The 13 most popular Christmas songs on Spotify, a music-streaming service, have amassed 1bn plays between them. The most popular of them, “All I Want for Christmas Is You”, written in 15 minutes and recorded by Mariah Carey in 1994, accounts for 210m of those plays. It has earned over $60m in royalties since its release.

Despite its ubiquity during December, the appeal of festive music varies significantly by geography. Spotify provided The Economist with data for Christmas listening across 35 countries, and for every American state, on a day-by-day basis for the two months leading up to Christmas Day 2016. The data demonstrate that music lovers in Sweden and Norway listen to festive tunes most frequently. One in every six songs they streamed on Spotify during December last year received this classification (the list includes some 1,500 Christmas songs performed in English and local languages). By contrast, during the same period in Brazil—a country with a comparable proportion of Christians—just one song in 150 was Christmas-themed. Listening habits in American states also vary, though to a smaller degree: in New Hampshire Christmas songs accounted for one in nine streams, whereas in Nevada, the state where such tunes are least common, it was one in 20…

Why?  Find out at “The music industry should be dreaming of a white Christmas.”

* Charles Dickens, A Christmas Carol

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As we deck the halls, we might recall that it was on this date in 1957 that 55-year-old German accordionist Will Glahé outsold many established Rock And Roll artists when his “Liechtensteiner Polka” reaches #19 on the Billboard Pop chart. Glahé’s first success in America had come in June, 1939 when his rendition of “Beer Barrel Polka” hit the top of the US Hit Parade, selling over a million copies. (Your correspondent has no explanatory link for this one…)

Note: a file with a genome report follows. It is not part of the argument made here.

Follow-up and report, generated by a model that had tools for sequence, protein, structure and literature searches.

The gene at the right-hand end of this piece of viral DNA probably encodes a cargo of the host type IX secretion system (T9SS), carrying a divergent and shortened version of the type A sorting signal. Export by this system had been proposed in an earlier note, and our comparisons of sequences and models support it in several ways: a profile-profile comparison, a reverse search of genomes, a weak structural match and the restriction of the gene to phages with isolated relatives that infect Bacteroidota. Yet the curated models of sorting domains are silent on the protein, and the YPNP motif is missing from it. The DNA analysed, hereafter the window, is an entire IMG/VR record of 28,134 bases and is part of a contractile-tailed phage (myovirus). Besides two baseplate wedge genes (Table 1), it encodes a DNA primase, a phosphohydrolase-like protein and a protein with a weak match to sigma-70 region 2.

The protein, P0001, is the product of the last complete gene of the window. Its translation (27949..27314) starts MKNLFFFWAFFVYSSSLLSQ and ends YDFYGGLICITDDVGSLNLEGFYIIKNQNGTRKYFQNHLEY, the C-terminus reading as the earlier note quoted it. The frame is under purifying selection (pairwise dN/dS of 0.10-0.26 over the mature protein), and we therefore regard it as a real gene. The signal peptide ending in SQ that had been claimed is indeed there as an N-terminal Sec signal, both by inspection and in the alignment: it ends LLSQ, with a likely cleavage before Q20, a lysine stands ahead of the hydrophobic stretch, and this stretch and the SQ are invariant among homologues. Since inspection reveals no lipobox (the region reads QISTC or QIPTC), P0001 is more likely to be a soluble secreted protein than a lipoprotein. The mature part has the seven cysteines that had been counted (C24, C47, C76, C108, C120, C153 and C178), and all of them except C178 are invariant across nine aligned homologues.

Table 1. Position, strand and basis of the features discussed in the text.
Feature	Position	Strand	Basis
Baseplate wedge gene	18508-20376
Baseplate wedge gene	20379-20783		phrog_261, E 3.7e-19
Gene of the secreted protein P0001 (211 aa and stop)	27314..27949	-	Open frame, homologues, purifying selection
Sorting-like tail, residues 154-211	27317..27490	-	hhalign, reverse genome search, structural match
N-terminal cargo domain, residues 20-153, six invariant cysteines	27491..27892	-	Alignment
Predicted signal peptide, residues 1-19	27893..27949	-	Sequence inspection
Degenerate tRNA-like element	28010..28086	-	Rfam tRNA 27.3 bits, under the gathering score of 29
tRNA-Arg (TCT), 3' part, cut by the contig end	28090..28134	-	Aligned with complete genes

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Written by LW

December 8, 2017 at 1:01 am

“Here we are, trapped in the amber of the moment”*…

 

We’ve all heard it before: There’s no time like the present. Broadly speaking, of course, it means to “seize the opportunity right now,” or maybe in my case, to avoid procrastinating. From a psychological perspective, this makes a lot of sense. As humans we experience time “passing,” and there is a special quality to the present moment. Hypnosis and dreams aside, there is no way to directly experience either the past or the future in the same way we experience the present. But is the aphorism true? Does modern physics actually tell us that there’s no time like the present?

Our best current physical theory of space and time is general relativity. Prior to Einstein’s revolution over a century ago, physics considered time to be an “external parameter”—an independent, fundamental feature of reality not influenced by any other factor in the universe. Whether or not the passage of time is real or illusory (this is an age-old philosophical debate that predates Einstein and is indeed not settled by his theory), we now know that time intervals are not external or universally determined. Time is an internal component of a physical system, a dimension intertwined with three spatial dimensions. Taken together, this is “spacetime,” and is influenced by varying factors and is influenced by varying factors, including speed (relative to other observers or systems) and gravitational forces. Because the theory of relativity posits the constancy of the speed of light for all observers (even if they are moving relative to each other), spacetime itself must dilate and the concept of a time interval becomes elastic.

As a result, there is no universal notion of the present that applies equally to all observers. What looks present to me could just as easily be in someone else’s future, and in a third person’s past. Simultaneity is relative…

Think there’s no time like the present? As Mark Shumelda suggests, modern physics begs to differ: “Actually, There Is a Time Like the Present.”

* Kurt Vonnegut Jr.

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As we cogitate on carpe diem, we might send playful birthday greetings to Johan Huizinga; he was born on this date in 1872.  A Dutch historian and one of the founders of modern cultural history, he is probably best remembered for his 1938 book Homo Ludens, in which he argues for the importance of the play element of culture and society, suggesting that play is primary to and a necessary (though not sufficient) condition of the generation of culture.

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Written by LW

December 7, 2017 at 1:01 am